This incredibly complex narrative is presented by cinematographer Chung-hoon Chung (“Oldboy”, “The Handmaiden”, “It”) as he captures the black shadows and red and blue neon lights that light up this darkness. In addition to showing this image of contrast in identity, the lights also act as a way to present the notion of modernity as opposed to the more natural lighting of the past. It is even seen outside of those dreams, as Eloise and her friend John go to a Halloween party filled with neon lights and glow sticks. This heightened chaotic, rave-like atmosphere contrasts sharply with the formalities that seem to be present in traditional clubs in Sandie’s past.

This film also represents Edgar Wright’s continuing shift in filmmaking outside of his popular action comedies. Previously, it was popularized due to its iconic “Three Flavors Cornetto” trilogy (“Shaun of the Dead”, “Hot Fuzz”, “The World’s End”) and its comic book adaptation of “Scott Pilgrim vs. The World “. In 2017, he would move on to an action heist movie where he used much of his quick style and quick edits via “Baby Driver”. “Last Night in Soho” is new territory for Wright as he directs a horror and thriller film. It easily contains the darkest and most mature themes ever explored in his filmography, but he finds ways to incorporate elements of his previous work into this new tone. Rather than being used for humor or exciting action, he uses it to develop strong feelings by telling these multiple plots and this captivating mystery. Those quick cuts and that quick camera increase the intensity of the reality line blurring as Eloise finds herself switching between her dream world and reality.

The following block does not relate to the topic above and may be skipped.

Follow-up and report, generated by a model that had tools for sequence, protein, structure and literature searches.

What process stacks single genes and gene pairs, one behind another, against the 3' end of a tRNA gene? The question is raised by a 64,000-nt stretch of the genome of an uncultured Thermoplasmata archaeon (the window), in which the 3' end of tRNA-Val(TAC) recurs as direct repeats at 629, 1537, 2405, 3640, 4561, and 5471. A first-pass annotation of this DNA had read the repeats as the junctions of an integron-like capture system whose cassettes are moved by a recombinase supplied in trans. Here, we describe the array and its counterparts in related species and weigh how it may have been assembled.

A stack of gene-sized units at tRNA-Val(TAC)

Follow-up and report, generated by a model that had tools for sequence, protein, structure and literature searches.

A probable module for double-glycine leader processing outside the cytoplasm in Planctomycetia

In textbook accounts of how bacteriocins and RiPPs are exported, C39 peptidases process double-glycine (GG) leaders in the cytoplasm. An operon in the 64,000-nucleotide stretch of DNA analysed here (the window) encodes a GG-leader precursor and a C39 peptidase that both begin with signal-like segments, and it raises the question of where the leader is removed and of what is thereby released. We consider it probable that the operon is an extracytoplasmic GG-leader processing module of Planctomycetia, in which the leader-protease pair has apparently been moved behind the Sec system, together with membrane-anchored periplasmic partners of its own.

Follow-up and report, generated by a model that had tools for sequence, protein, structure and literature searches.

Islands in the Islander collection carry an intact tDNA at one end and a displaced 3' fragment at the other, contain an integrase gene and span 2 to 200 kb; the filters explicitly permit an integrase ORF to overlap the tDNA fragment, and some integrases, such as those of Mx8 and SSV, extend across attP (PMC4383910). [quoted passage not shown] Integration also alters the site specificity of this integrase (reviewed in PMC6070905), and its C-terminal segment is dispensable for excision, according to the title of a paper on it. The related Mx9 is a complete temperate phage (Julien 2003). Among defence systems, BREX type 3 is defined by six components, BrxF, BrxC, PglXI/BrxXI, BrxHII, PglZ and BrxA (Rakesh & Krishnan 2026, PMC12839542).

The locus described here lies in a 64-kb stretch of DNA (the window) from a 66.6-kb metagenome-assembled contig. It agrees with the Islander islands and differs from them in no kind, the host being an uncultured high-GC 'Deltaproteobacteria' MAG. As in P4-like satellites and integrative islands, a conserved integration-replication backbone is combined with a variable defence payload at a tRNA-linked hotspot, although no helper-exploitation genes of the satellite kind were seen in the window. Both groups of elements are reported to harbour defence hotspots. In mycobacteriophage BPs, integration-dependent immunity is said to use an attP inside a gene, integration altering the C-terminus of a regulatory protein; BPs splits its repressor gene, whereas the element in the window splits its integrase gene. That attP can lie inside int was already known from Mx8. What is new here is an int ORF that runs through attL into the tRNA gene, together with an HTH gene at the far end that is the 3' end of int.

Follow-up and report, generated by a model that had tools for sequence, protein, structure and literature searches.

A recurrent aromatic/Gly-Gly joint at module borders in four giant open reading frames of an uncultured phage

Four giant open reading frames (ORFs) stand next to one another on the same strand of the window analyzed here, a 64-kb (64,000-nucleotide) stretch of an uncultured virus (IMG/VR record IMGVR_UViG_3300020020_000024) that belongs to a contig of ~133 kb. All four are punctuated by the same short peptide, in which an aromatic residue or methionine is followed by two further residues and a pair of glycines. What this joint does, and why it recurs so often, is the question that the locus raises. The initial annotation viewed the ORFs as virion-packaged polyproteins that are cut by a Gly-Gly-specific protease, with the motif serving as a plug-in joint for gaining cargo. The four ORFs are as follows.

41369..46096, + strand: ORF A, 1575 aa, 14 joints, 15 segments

Anya Taylor-Joy, Edgar Wright and Matt Smith together backstage at "Last night in Soho."

While the dramatic / romantic aspect of “Last Night in Soho” was nothing we’ve never seen before, it delivers a truly unique take on the horror genre that tackles dark themes in a visually stunning way. and captivating.

“Last Night in Soho” is available in theaters from October 29, 2021.